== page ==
Stonehenge is such a beautiful site. 
Peaceful. Still.
Silent except for murmurs from visitors and caws from the ravens who like to sit on the stones.

 We entered the Close in Salisbury through St. John's Gate. 

 I'm so glad I took a gazillion pictures and that some of them were of the models. Now I can look back at them and understand more of the building descriptions in the book.

The cloister was always described as a place of quiet walk in Sarum. It is beautiful, but it wasn't too quiet on our visit with the multitude of people.

Rutherfurd has a way of introducing many new characters with each new time period but all of these people have attachments, usually relatives, from the previous period. Even so, Rutherfurd draws you in through his writing to make you want to know these new people. The ancestry tree in the beginning of the book helped to keep them all straight, for the most part. 

I'll never brush over a last name of "Mason" again without remembering all the Masons in the book. Or Shockleys. Or Forests. And I looked up more medieval English vocabulary dealing with taxes and landholding than I'll ever remember or recognize again . . . escheat, scutge, tallage, virgate.

Throughout the many years described in building the cathedral, Rutherfurd helped me to have a better understanding and appreciation of its construction, and particularly, of the carvings.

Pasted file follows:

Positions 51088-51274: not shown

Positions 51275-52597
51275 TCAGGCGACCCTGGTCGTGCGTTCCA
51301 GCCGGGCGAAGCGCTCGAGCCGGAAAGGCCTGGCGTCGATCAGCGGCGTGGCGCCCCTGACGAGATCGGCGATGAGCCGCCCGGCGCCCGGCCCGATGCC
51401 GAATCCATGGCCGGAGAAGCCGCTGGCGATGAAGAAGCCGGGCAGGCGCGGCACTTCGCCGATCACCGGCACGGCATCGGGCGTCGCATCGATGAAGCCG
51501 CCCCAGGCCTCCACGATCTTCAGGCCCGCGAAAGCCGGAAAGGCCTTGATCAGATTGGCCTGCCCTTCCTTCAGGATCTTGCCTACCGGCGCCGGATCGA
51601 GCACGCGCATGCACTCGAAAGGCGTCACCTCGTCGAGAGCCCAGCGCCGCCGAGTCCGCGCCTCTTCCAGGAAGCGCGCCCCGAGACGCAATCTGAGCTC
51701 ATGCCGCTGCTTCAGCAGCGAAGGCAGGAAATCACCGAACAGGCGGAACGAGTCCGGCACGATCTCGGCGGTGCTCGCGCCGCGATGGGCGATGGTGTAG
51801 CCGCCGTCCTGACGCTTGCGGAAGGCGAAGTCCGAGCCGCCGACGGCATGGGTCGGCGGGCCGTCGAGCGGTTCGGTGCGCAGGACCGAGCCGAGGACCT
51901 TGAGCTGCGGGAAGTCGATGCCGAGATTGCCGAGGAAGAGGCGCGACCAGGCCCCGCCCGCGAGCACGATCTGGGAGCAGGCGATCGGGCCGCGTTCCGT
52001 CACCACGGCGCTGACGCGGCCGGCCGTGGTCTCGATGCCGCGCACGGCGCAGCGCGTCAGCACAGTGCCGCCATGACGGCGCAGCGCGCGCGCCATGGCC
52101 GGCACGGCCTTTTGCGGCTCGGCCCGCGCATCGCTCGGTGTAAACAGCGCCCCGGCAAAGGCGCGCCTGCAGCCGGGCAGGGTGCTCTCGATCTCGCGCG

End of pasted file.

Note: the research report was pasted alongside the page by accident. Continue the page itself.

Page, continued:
Someone described Rutherfurd using his characters more as "placeholders in history" to build the historical context. Yes, he does. But he does it so effectively. His narrative might tend to get long, maybe even border on tedious at times, but by doing so, he drops his reader right in the middle of the stone dust from cathedral carvings. I like a book which makes me part of the story, even when I'm laying in my bed five thousand, five hundred, or fifty years later than the depicted event. At one place in the narrative, Rutherfurd describes political life in medieval Europe, and by doing so, really describes how the book is written: 
. . . the kingdom and provinces of Europe in which the merchants operated remained related to each other by family ties. the ties were endless. They crossed the continent like huge and intricate spiders' webs; and the shifting family ambitions and alliances of the rulers frequently overrode all considerations of peace, prosperity, or even common sense.
 Some new vocabulary and phrases to me:
hirsute = hairy
vexillology = the study of flags
schnorer = one who wheedles others into supplying his wants
 torpor = the state of dullness in body and spirit
"Plenty of wealth but no money"
"He had not met the term before" as describing a new word
"He crossed the sky of England's history like a meteor."